When Kennedy resigned as attorney general to run for the Senate, President Johnson appointed Katzenbach attorney general in 1965. Katzenbach helped craft the language for the Voting Rights Act of 1965. As attorney general Katzenbach served on The President’s Commission on Law Enforcement and Administration of Justice (known as the “Katzenbach Commission”) and attempted to curtail FBI surveillance of The Reverend Dr. Martin Luther King, Jr., saying that the wire taps on the civil rights leader were an overreach of power. Frustrated that he was not effective in this effort, and being subjected to resentment from FBI director J. Edgar Hoover, he moved to the state department where he served as undersecretary of state from 1966 to 1969.

In his new position Katzenbach investigated U.S. efforts in South Vietnam. He hoped to negotiate an end to the war. He was also appointed to a three-member commission that reviewed CIA activities, particularly concerning the questionable use of funds. The commission’s findings led Johnson to prohibit covert government aid in certain cases.

When Richard Nixon was elected president Katzenbach resigned. He went on to become vice president and general counsel for International Business Machines Corporation (IBM). Interestingly enough, in 1969 the Justice Department filed an antitrust suit against IBM, and Katzenbach served as lead counsel in his new position at the company. The suit lasted thirteen years with a six-year trial. It would eventually be dropped by the Ronald Reagan administration. At IBM he was elected a director in 1970 and went on to become a senior vice president in 1979; a member of the Corporate Management Board in 1983; and senior vice president, law and external relations in 1985.

Katzenbach left IBM in 1986 and went into the private practice of law in New Jersey, but he did not shy away from public life. He was commissioned by the New York Stock Exchange to investigate the causes of the 1987 stock market collapse, worked with former Attorney General Richard Thornburgh in the 1990s to negotiate the release of Chinese dissidents Wei Jingsheng and Wang Dan, gave testimony for the “Historical Precedents and Constitutional Standards” panel in the impeachment trial of Bill Clinton in 1998, and filed an amicus brief defending Microsoft in an antitrust suit by the Department of Justice in 2000. In 2002 he was part of a committee that investigated the reorganization of WorldCom after the company filed Chapter 11 bankruptcy.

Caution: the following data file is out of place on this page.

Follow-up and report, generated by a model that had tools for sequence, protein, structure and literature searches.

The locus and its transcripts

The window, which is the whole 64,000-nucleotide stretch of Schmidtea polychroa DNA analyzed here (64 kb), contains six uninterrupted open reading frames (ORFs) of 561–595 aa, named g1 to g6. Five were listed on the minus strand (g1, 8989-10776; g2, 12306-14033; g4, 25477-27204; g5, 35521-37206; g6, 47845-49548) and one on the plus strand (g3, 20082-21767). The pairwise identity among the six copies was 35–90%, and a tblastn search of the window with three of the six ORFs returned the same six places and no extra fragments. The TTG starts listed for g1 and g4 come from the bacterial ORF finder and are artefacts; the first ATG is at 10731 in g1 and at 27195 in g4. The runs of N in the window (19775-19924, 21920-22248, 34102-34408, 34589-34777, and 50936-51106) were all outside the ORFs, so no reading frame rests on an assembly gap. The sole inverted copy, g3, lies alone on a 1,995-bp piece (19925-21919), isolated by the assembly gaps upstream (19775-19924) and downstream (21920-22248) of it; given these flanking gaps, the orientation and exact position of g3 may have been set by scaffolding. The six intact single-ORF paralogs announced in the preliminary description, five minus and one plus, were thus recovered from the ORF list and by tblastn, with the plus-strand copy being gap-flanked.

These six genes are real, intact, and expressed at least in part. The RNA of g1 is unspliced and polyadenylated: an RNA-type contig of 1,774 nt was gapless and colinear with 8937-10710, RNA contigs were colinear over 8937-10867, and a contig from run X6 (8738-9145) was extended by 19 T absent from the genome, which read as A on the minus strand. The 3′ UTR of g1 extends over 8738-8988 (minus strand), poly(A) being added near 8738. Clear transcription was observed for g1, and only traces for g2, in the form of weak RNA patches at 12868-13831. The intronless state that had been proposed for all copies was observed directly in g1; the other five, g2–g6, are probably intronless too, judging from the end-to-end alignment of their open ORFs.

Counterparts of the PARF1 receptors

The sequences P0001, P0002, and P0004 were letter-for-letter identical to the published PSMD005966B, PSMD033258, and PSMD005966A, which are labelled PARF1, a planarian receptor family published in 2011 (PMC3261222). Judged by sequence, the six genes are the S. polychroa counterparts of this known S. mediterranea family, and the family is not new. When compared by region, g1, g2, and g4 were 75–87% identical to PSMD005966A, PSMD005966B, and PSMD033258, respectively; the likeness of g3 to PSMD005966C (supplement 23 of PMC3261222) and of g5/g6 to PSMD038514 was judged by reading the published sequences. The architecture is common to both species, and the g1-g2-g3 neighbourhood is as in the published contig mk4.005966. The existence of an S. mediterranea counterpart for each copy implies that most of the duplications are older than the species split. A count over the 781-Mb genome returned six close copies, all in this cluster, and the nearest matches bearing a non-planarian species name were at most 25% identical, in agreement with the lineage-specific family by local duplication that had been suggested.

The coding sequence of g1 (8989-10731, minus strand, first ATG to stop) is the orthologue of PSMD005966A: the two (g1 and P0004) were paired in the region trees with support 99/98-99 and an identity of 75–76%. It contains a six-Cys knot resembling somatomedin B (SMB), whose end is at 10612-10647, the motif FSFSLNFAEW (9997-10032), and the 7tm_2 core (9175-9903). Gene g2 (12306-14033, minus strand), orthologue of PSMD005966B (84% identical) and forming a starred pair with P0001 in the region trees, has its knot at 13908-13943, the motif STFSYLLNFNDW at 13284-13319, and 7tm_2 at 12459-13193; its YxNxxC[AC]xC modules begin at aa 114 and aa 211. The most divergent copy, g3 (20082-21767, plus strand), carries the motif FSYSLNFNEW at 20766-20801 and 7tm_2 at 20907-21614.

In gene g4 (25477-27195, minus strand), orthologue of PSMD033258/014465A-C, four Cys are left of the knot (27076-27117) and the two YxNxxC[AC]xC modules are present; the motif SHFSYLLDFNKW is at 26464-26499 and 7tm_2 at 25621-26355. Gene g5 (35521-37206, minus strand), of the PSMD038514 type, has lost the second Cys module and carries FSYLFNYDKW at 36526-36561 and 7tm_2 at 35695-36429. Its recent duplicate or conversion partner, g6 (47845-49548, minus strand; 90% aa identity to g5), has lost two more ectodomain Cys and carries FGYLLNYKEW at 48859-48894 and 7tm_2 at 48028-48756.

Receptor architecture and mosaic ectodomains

He wrote in his memoir “I hope young people will have the passion for government I had so many years ago (and still have). It is, after all, their future that is at stake.” Katzenbach died at his home in Skillman, New Jersey of natural causes while recovering from hip surgery. Serving in Washington during the turbulent 1960s Katzenbach leaves a legacy that influenced landmark civil rights legislation, crises in United States foreign policy, and interpretations of justice that shaped American society and culture for generations.


Katzenbach completed oral histories in 1964 on JFK and 1969 on RFK for the John F. Kennedy Library. Additionally, he completed oral histories for the Lyndon Johnson Presidential library in 1968. The majority of his papers are at the JFK library with some other materials at the LBJ library. Kennedy Justice (1970) by Victor S. Navasky has biographical information as well as his work in the Kennedy justice department. The Civil Rights Era: Origins and Development of National Policy (1990) by Hugh Davis Graham has extensive information on the civil rights initiatives where Katzenbach played a role. Robert Dallek’s Flawed Giant: Lyndon Johnson and his Times 1961–1973 (1998)Find it in your libraryGoogle PreviewWorldCat is a good source for his time with President Johnson. Taylor Branch’s Parting the Waters: America in the King Years 1954–1963 (1988)Find it in your libraryGoogle PreviewWorldCat, Pillars of Fire: America in the King Years 1963–1965 (1998), and At Cannan’s Edge: America in the King Years 1965–1968 (2006) highlight some of Katzenbach’s work in the Justice Department. David J. Garrow’s Protest at Selma: Martin Luther King, Jr and the Voting Rights Act of 1965 (1978)Find it in your libraryGoogle PreviewWorldCat, The FBI and Martin Luther King (1981), and Bearing the Cross: Martin Luther King, Jr. and the Southern Christian Leadership Conference (1986) are also great resources for Katzenbach’s work as attorney general. An obituary appeared in The New York Times on 9 May 2012.